June 23, 2011

Center posts state officials’ statements of economic interest online

Browse public officials’ financial disclosures

2011 Statements of Economic Interest for lawmakers and executive branch office-holders

The public is invited to examine the first online archive of top state officials’ 2011 financial disclosure forms, now posted on WisconsinWatch.org, the website for the Wisconsin Center for Investigative Journalism. The 2011 statements filed by Wisconsin state lawmakers and state constitutional officers were obtained from the state Government Accountability Board.

The archive, searchable by party affiliation and district number, is accessible at this link. Available are statements from state legislators, as well as five constitutional officers: governor, lieutenant governor, attorney general, treasurer and secretary of state.

In the past, media outlets and others have obtained these statements and made them available online. For instance, in August 2010 the Wisconsin State Journal posted the economic interest statements of all 338 individuals running for state office that year.

In all, about 2,500 state and local officials are required to file statements disclosing their investments, loans, business partners and income sources. The statements allow the media and public to check for possible conflicts of interest and items of interest, as when they were used in 2008 to help discover that Sen. Rob Cowles, R-Green Bay, owned stock in companies that ran strip clubs and pornographic websites. (He later unloaded these investments.)

In May, the Wisconsin Legislature’s Joint Finance Committee amended the state budget bill to make it harder for members of the public to obtain these records. The change would have prevented the GAB from sending these records to requesters by email or regular mail; to obtain the reports, requesters would have to come to the agency’s offices in downtown Madison.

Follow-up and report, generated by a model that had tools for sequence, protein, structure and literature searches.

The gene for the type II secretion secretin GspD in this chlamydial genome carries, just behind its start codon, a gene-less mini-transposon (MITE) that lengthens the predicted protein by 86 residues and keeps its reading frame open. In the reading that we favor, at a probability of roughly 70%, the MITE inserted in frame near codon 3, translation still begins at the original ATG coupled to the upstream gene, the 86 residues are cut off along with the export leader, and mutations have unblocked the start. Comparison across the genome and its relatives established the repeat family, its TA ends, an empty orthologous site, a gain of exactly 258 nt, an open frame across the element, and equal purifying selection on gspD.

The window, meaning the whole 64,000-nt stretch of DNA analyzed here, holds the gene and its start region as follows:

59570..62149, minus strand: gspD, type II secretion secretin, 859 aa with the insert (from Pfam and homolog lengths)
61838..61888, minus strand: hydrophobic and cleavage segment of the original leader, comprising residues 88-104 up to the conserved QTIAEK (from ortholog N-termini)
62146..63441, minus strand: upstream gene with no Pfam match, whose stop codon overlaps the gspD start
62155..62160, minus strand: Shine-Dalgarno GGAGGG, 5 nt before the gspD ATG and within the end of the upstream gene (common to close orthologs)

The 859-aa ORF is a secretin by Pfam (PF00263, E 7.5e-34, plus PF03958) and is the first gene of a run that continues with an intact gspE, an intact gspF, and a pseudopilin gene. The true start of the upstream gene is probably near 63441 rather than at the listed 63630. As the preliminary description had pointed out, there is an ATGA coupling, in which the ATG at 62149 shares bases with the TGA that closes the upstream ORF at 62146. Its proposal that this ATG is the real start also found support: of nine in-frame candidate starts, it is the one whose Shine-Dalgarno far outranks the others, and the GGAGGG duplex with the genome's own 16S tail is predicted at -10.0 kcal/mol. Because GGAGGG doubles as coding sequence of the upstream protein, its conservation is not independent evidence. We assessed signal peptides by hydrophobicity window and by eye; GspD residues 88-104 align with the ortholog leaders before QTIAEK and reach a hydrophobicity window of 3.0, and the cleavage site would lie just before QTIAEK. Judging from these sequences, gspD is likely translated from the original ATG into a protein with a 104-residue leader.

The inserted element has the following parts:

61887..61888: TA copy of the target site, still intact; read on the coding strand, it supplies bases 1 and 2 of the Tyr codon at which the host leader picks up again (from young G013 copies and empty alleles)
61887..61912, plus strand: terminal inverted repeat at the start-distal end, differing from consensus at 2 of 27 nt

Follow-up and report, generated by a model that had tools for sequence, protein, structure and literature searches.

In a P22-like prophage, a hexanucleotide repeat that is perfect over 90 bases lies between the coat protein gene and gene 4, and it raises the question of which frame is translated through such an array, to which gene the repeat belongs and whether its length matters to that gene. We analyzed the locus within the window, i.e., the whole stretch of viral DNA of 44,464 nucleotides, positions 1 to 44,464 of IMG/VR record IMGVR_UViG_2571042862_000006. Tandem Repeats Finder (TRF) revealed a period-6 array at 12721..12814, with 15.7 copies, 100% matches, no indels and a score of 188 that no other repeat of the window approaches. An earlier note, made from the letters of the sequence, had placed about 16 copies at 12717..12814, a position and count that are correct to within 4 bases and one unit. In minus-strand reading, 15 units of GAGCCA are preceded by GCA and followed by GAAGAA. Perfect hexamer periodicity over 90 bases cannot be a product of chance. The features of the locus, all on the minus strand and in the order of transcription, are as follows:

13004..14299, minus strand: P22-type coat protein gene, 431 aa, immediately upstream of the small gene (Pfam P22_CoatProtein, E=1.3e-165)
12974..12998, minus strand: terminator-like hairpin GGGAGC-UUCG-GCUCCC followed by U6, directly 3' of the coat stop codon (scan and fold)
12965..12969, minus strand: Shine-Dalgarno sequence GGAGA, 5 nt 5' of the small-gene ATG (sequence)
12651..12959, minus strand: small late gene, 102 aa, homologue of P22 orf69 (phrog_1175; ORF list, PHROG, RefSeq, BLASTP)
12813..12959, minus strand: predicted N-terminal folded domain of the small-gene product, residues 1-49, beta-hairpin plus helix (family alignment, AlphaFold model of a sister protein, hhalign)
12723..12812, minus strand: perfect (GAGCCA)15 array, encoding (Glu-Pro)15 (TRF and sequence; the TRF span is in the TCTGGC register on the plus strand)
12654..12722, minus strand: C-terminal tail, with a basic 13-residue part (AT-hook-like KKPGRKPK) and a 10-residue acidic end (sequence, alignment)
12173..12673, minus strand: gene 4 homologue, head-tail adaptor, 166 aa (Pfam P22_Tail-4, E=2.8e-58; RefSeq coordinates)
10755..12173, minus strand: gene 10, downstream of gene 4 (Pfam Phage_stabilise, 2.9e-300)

In addition, the language raised concerns about whether the GAB would be able to continue to make indexes of these statements available on its website.

Those indexes, based on information in the 2010 reports (the 2011 reports have not yet been processed), allow for searches by keyword. For instance, a search for the word “popcorn” yields the names of 11 companies. Ten of these are listed in the statement filed by state Rep. Robin Vos, R-Rochester, the Joint Finance Committee co-chair. The remaining popcorn company is tied to an employee of the Government Accountability Board.

Vos initially defended the changes, saying he believed competitors to his gourmet popcorn business were using this information to gain an advantage. He later agreed to remove the restriction on sending statements if the threshold for reporting income from businesses were raised from $1,000 to $10,000 a year. His 2011 filing lists more than 100 companies with which he did at least $1,000 in business in 2010.

The bill as passed does change this threshold but it still includes the rule that statements must be obtained in person from the GAB’s Madison office. Vos has said this was an oversight and that he would ask Gov. Scott Walker to veto this provision. Walker’s office says the matter is under review, with the governor expressing his support for a high level of transparency in this area.

“The public deserves to know what we’re spending money on,” Walker told Madison’s WKOW-TV. “And it deserves to know what elected officials are doing in terms of their finances.”

Wisconsin has been requiring public officials to submit statements of economic interest since 1974. Lawmakers initially sought to keep these statements confidential but their efforts were vetoed by Gov. Pat Lucey. But lawmakers were able to add a requirement that requesters identify themselves and that public officials be notified whenever their statements were requested.

The public posting of this information removes whatever chilling effect this notification rule might have.

About the Center: The Wisconsin Center for Investigative Journalism was launched in January 2009 to examine government integrity and issues affecting the quality of life of Wisconsin residents. It currently has three full-time employees as well as a pool of volunteer journalists and media lawyers and paid student reporting interns.

The nonprofit, nonpartisan Center is based in the School of Journalism and Mass Communication at the University of Wisconsin-Madison. It collaborates with Wisconsin Public Radio, Wisconsin Public Television, and mainstream and ethnic media across Wisconsin and the nation.

The Center publicly acknowledges all of its donors, to increase the transparency — and protect the integrity — of its public-interest journalism. The Center is supported by foundations and individuals, including Ethics and Excellence in Journalism Foundation, Foundation to Promote Open Society (a partner of Open Society Institute), McCormick Foundation and Ford Foundation. Connect with the Center on Twitter and Facebook.

 

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